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Advances in Meteorology
Volume 2017, Article ID 6841239, 19 pages
Research Article

On the Potential of 25 Years (1991–2015) of Rawinsonde Measurements for Elucidating Climatological and Spatiotemporal Patterns of Afternoon Boundary Layer Depths over the Contiguous US

1Oak Ridge Associated Universities, Oak Ridge, TN, USA
2Department of Meteorology and Atmospheric Science, Pennsylvania State University, University Park, PA, USA

Correspondence should be addressed to Sandip Pal; ude.usp@252pus

Received 24 November 2016; Revised 27 February 2017; Accepted 26 March 2017; Published 11 June 2017

Academic Editor: Anthony R. Lupo

Copyright © 2017 Temple R. Lee and Sandip Pal. This is an open access article distributed under the Creative Commons Attribution License, which permits unrestricted use, distribution, and reproduction in any medium, provided the original work is properly cited.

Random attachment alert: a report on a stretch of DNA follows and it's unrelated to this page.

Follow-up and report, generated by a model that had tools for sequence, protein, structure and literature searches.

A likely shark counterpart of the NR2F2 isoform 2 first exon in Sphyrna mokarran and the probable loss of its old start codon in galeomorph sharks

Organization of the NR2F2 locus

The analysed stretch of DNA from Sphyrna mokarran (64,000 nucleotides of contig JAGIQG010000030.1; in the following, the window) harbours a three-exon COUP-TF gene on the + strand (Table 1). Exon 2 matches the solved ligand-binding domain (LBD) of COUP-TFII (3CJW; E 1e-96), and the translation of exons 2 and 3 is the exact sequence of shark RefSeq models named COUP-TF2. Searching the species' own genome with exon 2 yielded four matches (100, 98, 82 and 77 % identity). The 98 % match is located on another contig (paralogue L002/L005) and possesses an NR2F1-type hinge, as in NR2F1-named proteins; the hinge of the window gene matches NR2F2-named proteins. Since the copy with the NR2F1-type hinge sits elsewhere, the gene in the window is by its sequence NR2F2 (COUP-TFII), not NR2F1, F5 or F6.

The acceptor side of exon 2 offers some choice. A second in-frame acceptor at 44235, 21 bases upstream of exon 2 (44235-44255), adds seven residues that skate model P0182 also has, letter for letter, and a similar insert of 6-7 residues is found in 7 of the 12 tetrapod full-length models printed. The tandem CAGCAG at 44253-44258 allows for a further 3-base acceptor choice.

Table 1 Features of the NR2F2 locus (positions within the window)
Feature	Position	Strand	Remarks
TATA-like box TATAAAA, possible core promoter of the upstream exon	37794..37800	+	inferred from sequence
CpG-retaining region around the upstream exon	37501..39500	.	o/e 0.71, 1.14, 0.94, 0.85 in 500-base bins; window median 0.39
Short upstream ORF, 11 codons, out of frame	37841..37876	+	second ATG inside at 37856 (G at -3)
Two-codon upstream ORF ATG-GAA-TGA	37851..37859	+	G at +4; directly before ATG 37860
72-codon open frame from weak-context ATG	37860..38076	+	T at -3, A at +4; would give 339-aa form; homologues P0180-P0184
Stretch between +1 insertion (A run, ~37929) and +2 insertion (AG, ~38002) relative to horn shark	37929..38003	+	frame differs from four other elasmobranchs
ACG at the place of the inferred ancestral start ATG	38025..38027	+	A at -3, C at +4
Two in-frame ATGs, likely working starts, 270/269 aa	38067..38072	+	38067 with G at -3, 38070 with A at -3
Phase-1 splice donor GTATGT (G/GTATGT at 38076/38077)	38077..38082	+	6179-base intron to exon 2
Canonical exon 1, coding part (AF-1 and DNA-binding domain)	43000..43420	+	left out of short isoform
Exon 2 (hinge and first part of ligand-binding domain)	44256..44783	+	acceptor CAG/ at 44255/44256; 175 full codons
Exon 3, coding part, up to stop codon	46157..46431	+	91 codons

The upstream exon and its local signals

The daytime planetary boundary layer (PBL) depth is an essential parameter in, for example, dispersion models and numerical weather prediction. We applied a recently developed technique to estimate afternoon PBL depths from 516,887 daily rawinsonde measurements obtained at 0000 UTC between 1 Jan 1991 and 31 Dec 2015 from 67 US sites. We discuss salient features in the PBL depth variability and examine the climatology of afternoon PBL depths as a function of geographical region and Köppen-Geiger climate regime. Results indicated a strong east to west PBL depth gradient, with higher PBL depths over the semiarid regions of the western US in spring and summer. Many sites located near coastlines exhibited no seasonal cycle due to marine boundary layer influences, and an inverse relationship was found between distance from the coast and observed afternoon PBL depth. Differentiating by climate type, BWk (arid, desert, and cold) has the largest median winter (1075 m) and summer (2500 m) PBL depths. Median PBL depths for Cfa (temperate, no dry season, and hot summers), Dfa (cold, no dry season, and warm summer), and Dfb (cold, no dry season, and hot summers) climate types are 750 m and 1000 m during winter and summer, respectively.